U.N. Secretary-General Ban Ki-moon said Tuesday that the United Nations will investigate allegations by a leading children's charity that U.N. peacekeepers are involved in widespread sexual abuse of children.
The report by Save the Children UK, based on field research in southern Sudan, Ivory Coast and Haiti, describes a litany of sexual crimes committed by peacekeepers and international relief workers against children as young as 6.
It said some children were denied food aid unless they granted sexual favors; others were forced to have sex or to take part in child pornography; many more were subjected to improper touching or kissing.
"The report shows sexual abuse has been widely underreported because children are afraid to come forward," said Jasmine Whitbread, chief executive of Save the Children UK.
Calling the sexual exploitation of minors a "very serious issue," Ban reiterated to reporters that he has a "zero tolerance" policy for such acts by U.N. personnel.
"I think that the report is very valuable and does give us some good points to which the United Nations should continue to address this issue," Ban said. U.N. spokeswoman Michele Montas noted that the report says the United Nations has already undertaken steps designed to tackle the problem, from establishing conduct and discipline units in all U.N. missions to strengthening training for all categories of U.N. personnel. She said the United Nations also needs to strengthen its investigative capacity.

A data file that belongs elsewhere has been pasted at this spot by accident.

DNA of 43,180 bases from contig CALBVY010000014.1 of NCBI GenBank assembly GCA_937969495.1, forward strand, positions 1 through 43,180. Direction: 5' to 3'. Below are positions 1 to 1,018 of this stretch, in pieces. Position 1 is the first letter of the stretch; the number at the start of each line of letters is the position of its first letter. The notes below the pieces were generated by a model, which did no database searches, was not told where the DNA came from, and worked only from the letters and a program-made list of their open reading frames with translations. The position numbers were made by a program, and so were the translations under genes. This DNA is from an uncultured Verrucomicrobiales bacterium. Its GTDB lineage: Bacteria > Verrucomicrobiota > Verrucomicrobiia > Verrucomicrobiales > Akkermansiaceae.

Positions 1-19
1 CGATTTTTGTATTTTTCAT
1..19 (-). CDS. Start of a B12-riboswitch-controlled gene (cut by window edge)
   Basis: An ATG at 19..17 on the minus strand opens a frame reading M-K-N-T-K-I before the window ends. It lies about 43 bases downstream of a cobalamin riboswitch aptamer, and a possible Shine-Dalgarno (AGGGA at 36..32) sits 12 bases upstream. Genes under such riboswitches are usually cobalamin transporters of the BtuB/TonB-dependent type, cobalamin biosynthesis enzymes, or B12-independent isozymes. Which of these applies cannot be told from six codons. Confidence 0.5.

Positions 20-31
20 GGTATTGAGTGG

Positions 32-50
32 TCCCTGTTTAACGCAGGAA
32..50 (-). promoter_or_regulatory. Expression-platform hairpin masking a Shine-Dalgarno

The report said that more than half the children interviewed knew of cases of sexual abuse and that in many instances children knew of 10 or more such incidents perpetuated by aid workers or peacekeepers. The threat of retaliation, and the stigma attached to sexual abuse, were powerful deterrents to coming forward, the report said.